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Delayed Farm Bill could impact New Mexico

Rows of soybean plants grow in the fields at Seidenstricker Farms, owned by Robert and Cathy Seidenstricker, in De Valls Bluff, Arkansas.
Lance Cheung
Rows of soybean plants grow in the fields at Seidenstricker Farms, owned by Robert and Cathy Seidenstricker, in De Valls Bluff, Arkansas.

Congress has yet to establish a new Farm Bill after the last one expired in September after five years.

The Farm Bill contains clauses known as the nutrition title, the disaster title, the conservation title, that are vital in terms of providing services like food stamps or drought assistance.

The continued delay has left many wondering what the implications might be. Director and Secretary of New Mexico's Department of Agriculture Jeff Witte discussed the impacts New Mexico could face if the Farm Bill doesn’t get signed soon.

JEFF WITTE: So the Farm Bill is a federal legislation that really provides a lot of policy and guidance in programs related to agriculture and food. Many of the products that are grown in New Mexico are now covered by the Farm Bill, you've got things like chile, pecans, and specialty crops.

It also includes, in today's world, the disaster programs that we've had to use in this state due to the wildfires, due to drought, things like that.

And then when you kick over to the food side of it, the biggest part about 85% of the Farm Bill these days is around nutrition title . So things like SNAP, the Supplemental Nutrition programs, they also come through the Farm Bill. So it's a pretty important piece of legislation not only for New Mexico, but for the US.

KUNM: So if the Farm Bill continues to be delayed, how will that impact the state?

WITTE: A lot of the programs, because of the continuing resolution that was just passed, are still funded. So technically, those programs are still in place. So really the bigger deadline is going to be December 31st.

After December 31st, a lot of the programs revert back to what we call permanent Farm Bill. That's when it gets a little more challenging, not only for New Mexico, but for the rest of the US. So as an example, some of the people estimate that while dairy producers in New Mexico today are getting $15 to $16 a hundredweight for their milk, if we revert back to a permanent Farm Bill after January 1st, the parity value of milk could be over $50 a hundredweight. If you calculate that out, that would raise the price of milk substantially in the grocery store.

So a lot of people will ask me if I think we're going to get a Farm Bill or an extension. I have no doubt that we will get either an extension of the Farm Bill or a new Farm Bill passed by December 31st. Because no one wants to go back to the permanent titles and go back to parity and increase the price of commodities to that level.

KUNM: What are you hearing from farmers and ranchers and others in the agriculture community right now in terms of challenges they’re facing?

WITTE: Well, not related to the Farm Bill, but there's certainly challenges out there. We're dealing with disaster assistance programs in New Mexico, because of the wildfires, because of drought. That's the number one concern is the time is ticking to address the disaster situations and get the producers the coverage that they need so that they can stay in business or or replace lost fences, lost livestock and lost feed.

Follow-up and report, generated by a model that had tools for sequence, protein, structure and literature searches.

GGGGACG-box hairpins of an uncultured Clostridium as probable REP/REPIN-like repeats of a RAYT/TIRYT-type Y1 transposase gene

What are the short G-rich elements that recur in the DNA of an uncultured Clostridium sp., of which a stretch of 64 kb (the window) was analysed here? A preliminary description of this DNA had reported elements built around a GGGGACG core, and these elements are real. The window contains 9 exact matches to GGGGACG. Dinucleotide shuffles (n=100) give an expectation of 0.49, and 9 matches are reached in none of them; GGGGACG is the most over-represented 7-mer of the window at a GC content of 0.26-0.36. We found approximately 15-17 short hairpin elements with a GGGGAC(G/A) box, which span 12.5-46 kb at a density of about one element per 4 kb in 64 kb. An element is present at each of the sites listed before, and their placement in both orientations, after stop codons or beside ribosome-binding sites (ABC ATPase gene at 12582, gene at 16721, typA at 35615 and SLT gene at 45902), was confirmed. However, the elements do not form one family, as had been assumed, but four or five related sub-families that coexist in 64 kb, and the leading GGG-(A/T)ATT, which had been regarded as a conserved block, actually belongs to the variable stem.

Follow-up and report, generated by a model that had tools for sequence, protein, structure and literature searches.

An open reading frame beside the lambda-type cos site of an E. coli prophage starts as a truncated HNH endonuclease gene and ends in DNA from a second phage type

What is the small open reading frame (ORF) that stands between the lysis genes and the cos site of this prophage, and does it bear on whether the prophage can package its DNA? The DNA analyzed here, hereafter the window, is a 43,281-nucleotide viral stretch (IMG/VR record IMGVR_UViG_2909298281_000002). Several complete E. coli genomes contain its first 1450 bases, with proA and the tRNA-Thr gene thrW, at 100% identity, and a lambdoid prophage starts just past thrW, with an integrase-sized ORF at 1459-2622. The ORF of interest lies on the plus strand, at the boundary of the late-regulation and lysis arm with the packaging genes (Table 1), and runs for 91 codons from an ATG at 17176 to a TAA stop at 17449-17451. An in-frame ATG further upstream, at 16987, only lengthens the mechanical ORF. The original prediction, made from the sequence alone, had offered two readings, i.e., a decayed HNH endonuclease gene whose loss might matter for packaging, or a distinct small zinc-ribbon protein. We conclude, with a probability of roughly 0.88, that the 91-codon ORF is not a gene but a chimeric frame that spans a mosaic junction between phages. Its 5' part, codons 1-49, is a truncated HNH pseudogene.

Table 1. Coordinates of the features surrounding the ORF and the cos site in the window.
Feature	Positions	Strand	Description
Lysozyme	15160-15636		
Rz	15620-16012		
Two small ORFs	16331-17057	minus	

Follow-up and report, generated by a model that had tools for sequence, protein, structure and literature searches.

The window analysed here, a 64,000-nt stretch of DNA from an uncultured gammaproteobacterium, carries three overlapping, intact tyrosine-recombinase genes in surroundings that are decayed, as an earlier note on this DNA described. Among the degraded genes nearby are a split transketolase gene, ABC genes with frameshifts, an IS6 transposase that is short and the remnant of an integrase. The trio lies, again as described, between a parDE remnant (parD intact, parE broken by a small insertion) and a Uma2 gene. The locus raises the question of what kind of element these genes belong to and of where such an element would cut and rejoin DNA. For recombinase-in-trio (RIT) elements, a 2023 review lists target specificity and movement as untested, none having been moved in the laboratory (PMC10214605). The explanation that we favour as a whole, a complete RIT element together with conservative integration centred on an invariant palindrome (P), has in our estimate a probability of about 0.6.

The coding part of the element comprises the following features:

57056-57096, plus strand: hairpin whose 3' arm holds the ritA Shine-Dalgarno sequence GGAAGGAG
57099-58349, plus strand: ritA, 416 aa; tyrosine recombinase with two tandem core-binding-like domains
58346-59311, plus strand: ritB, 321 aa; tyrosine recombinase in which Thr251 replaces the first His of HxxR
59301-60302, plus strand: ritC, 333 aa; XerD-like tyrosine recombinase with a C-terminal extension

So you've got to have a continuing resolution, you got to have a federal budget. There will always be pressure on Congress to address those issues in a timely fashion. They may wait till the last second, but they will get it done. It's the uncertainty that's the most unnerving for all producers, and in many cases, even though the consumers that are out there are dependent on those programs.

KUNM: What should New Mexicans be aware of if Congress doesn’t pass a Farm Bill soon?

WITTE: Well, I think the number one thing is you've got people who are dependent on some of the nutrition title, the SNAP program and things like that. So folks in general need to communicate with their Congress folks and members of the US Senate how important those programs are, producers the same way. It's these disaster titles that are now part of the Farm Bill that have been really most important. The conservation title has also been a really beneficial thing for New Mexico producers.

So I think people just need to keep an eye on things and just understand that there's a lot of forces at play in a thing like the Farm Bill. And it's an important piece of legislation that will have to be passed at some point in time to ensure that we've got a good stable agricultural and food system in the US.

KUNM: Thank you Secretary Witte.

WITTE: You bet.

Support for this coverage comes from the Thornburg Foundation.

Jeanette DeDios is from the Jicarilla Apache and Diné Nations and grew up in Albuquerque, NM. She graduated from the University of New Mexico in 2022 where she earned a bachelor’s degree in Multimedia Journalism, English and Film. She’s a former Local News Fund Fellow. Jeanette can be contacted at jeanettededios@kunm.org or via Twitter @JeanetteDeDios.
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